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The time has finally come. I’ve made a decision that’s been looming, threatening, browbeating and generally making me feel bad for years now. 

I’ve decided to become vegan.

I’ve been vegetarian on and off for years – more than half my life, as it happens – and climbed back on the meat-free wagon at the start of 2013. My reasons have varied through those years, based largely on the inefficiency of meat production and the losses of energy in the process of converting plant-based food to meat-based food, and on the improved health I feel when not eating meat. I’ve known vegans for years, too; my best friend at the end of high school introduced me to the concept (and to tofu, thanks Amy) and I’ve had the utmost respect for the lifestyle since then. 

I suppose it’s accurate to say that my move toward veganism started a long, long time ago, back when a friend and I took a road trip down south of Perth and spent a night on her friend’s family dairy farm. I was horror-struck by it. I recall, and will never forget, the smell that assailed me as she and I drove down the track toward the house and farm buildings complex, arising from a massive mound of brewery waste (scroll down), composting and steaming in the cold twilight, that was stored there to feed to the cattle. It stank. Everything within a half-kilometre radius stank of it. The bobby calves were streaked with flecks of it, and of their own and each others’ shit. Ignorant, I asked what the calves were hanging around the house for…and when the farmer told me they’d be gone in a few days (they were only a couple of days old when I saw them) I felt my stomach churn as a slow, creeping horror overcame me.

I suppressed that experience for a long time, but forgetting it was not going to happen. And in the second half of last year, I began to think more about it, and more about the prospect of “giving up” dairy and eggs, and other animal-derived food products. This was around the same time I began reading a lot more, and my reading choices coincidentally fed into this awakening I was feeling.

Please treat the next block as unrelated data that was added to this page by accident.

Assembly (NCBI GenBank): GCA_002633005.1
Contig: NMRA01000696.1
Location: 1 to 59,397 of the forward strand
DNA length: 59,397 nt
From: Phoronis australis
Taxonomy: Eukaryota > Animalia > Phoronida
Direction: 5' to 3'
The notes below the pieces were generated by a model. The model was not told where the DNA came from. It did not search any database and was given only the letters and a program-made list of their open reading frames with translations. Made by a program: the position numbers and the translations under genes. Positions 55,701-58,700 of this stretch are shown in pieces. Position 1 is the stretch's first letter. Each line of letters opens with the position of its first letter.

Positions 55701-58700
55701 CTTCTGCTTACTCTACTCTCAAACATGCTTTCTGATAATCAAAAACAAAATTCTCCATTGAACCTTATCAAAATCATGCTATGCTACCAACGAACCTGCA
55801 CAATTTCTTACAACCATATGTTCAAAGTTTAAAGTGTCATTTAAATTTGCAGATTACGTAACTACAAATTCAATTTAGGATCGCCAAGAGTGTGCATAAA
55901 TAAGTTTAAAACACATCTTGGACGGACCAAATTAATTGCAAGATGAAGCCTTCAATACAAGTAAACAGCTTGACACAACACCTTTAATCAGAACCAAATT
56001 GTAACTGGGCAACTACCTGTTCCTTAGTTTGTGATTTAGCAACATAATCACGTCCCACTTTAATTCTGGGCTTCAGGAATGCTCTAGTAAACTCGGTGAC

Then, about a month ago, I started reading Eating Animals, by Jonathan Safran Foer. Most of the shocking animal welfare facts in it, I knew or feared. But there were other things, too – the disgusting methods of processing chickens (disgusting merely because of their complete disregard for anything remotely approaching food hygiene), the precarious position in which our food supply chain has been placed by the use of intensive confinement methods of animal production, the sheer magnitude of waste (read: shit) output generated by confinement facilities…It was compelling. 

I discussed it with Frog. I was, I remain, and I will always be so immensely grateful for her immediate and unconditional support for my choice, for her enthusiasm in joining me in finding alternatives and new ways of eating and drinking, and for willingly offering herself to the cause within the walls of our home. And so I have Gone Vegan.

Except, it’s not a matter of having Gone. And it’s not a matter of Going, which implies that age-old Australian tradition of “Gunna”. It’s a process, and one I don’t see ending any time soon. Instead of announcing to people that I’ve Gone Vegan, I think I like the term “transitioning to vegan”. I feel it allows me to be making mistakes, and making decisions, and making choices.

Going vegan (or transitioning to, shall we say) might appear on the surface just like the next level of vegetarian, but it isn’t. And that’s not something I appreciated until I was thrown into the middle of it. It’s only been a few days, but I’ve had to defend my decision to keep my cat (what – was I going to evict a middle-aged runt purebred entirely incapable of fending for herself??), I’ve had to accept that my veganism will be fatally flawed as long as I continue to identify as a fibre artist, and just today I had to consider the implications of aquaponics upon a vegan lifestyle. 

It’s complicated. And so it is that I am not Going Vegan, with a bang, but transitioning to vegan, with many, many whimpers.